Ahu Tongariki is the largest ahu on Easter Island. Its moais were toppled during the island's civil wars, and in the twentieth century the ahu was swept inland by a tsunami. It has since been restored and has fifteen moai, including one that weighs eighty-six tonnes, the heaviest ever erected on the island. Ahu Tongariki is one kilometer from Rano Raraku and Poike in the Hotu-iti area of Rapa Nui National Park. All the moai here face sunset during the summer solstice.
Ahu Tongariki was substantially restored in the 1990s by a multidisciplinary team headed by archaeologists Claudio Cristianao Bob (Director) and Patricia Vargas Gay (Co-director executive team), in a five-year project carried out under an official agreement of the Chilean Government with Tadano Limited and the University of Chile.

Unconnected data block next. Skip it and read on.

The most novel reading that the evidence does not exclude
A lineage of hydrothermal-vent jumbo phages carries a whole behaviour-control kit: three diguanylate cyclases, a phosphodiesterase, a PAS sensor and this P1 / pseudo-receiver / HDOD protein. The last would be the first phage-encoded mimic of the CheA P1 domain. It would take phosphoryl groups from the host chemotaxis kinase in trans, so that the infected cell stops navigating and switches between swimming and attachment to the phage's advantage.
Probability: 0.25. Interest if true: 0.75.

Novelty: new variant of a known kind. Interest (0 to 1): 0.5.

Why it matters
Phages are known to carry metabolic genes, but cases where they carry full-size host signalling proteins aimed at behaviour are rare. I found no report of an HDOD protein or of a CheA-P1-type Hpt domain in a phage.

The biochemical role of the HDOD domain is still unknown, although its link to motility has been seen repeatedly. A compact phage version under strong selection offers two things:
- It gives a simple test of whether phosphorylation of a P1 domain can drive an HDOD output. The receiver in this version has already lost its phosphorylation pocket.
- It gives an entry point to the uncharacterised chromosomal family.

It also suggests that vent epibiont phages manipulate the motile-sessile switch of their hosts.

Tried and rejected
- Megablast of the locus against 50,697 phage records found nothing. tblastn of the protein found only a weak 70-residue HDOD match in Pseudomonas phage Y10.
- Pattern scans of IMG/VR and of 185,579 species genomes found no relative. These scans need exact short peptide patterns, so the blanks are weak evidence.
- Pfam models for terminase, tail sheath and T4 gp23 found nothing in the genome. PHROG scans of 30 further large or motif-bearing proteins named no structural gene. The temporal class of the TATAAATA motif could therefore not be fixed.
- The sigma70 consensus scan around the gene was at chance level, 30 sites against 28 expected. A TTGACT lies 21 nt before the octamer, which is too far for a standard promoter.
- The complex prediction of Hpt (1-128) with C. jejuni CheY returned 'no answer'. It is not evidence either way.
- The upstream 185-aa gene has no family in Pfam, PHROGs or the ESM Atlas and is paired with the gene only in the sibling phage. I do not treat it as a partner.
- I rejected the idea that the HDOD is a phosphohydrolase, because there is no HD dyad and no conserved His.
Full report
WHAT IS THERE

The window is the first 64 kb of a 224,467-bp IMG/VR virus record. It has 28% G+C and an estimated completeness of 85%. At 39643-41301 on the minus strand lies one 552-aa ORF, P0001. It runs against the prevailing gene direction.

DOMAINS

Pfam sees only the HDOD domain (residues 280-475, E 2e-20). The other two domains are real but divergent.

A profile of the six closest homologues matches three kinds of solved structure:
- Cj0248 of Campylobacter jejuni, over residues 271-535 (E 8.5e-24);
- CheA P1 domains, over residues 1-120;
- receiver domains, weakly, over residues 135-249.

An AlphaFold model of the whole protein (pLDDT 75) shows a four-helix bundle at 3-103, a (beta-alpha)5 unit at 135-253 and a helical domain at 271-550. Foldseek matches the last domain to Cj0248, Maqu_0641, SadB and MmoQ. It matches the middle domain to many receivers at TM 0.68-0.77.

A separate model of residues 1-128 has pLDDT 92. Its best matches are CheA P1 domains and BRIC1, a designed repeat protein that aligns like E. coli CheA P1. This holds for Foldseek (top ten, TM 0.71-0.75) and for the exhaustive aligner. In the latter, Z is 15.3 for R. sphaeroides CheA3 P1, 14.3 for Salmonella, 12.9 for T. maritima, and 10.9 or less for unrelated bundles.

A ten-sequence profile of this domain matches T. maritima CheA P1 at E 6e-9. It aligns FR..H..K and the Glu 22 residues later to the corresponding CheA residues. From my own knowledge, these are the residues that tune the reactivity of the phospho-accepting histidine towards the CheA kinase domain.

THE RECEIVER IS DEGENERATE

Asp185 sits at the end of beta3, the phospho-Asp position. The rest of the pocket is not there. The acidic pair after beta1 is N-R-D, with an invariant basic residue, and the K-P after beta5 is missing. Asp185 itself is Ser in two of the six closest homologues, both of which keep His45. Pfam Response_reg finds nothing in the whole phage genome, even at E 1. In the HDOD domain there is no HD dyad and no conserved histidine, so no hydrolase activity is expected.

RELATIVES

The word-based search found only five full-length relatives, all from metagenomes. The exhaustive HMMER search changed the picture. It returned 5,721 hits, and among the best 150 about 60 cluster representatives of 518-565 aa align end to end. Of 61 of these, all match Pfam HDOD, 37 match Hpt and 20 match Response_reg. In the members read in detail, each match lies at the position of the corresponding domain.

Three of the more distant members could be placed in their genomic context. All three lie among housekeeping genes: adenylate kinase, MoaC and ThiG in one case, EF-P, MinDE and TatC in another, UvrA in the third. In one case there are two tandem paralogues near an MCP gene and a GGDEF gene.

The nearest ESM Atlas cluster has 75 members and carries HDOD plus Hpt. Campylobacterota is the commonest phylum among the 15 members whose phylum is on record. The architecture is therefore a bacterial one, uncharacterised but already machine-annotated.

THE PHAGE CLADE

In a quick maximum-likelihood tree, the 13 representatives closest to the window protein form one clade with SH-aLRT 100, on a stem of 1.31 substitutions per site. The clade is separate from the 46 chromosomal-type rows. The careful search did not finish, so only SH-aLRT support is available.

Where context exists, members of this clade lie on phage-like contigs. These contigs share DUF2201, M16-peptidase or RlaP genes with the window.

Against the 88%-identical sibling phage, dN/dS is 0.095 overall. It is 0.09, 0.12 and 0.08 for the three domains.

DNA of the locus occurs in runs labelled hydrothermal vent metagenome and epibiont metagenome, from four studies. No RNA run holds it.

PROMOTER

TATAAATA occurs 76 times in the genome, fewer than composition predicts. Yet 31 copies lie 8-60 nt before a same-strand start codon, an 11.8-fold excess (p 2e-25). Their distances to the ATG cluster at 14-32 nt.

Poike is one of the three main extinct volcanoes that form Rapa Nui, which last erupted between 230,000 and 705,000 years ago. Rano Raraku is a volcanic crater formed of consolidated volcanic ash or tuff, which compose the carved moai. Indeed, nearly half (hundreds) of the moai are still buried in the slopes of the Rano Raraku, the main moai quarry. The large, flat plain below Rano Raraku provided easy access to the tuff.
According to a report by the Guardian some Ahu Tongariki are placed near large sources of fresh water
|Wikimedia Commons has media related to Ahu Tongariki.|
- Splendid Isolation: Art of Easter Island, an exhibition catalog from The Metropolitan Museum of Art (fully available online as PDF), which contains material on Ahu Tongariki
- Ahu Tongariki Restoration project
- Unofficial Easter Island Homepage
- Easter Island Statue project
- How to make Walking Moai: a hypothesis about how Moai were transported
- Czech who made Moai statues walk returns to Easter Island
- History of Easter Island stones
- Easter Island - Moai Statue Scale
- University of Chile
- 360° Panoramas dedicated web site of Easter Island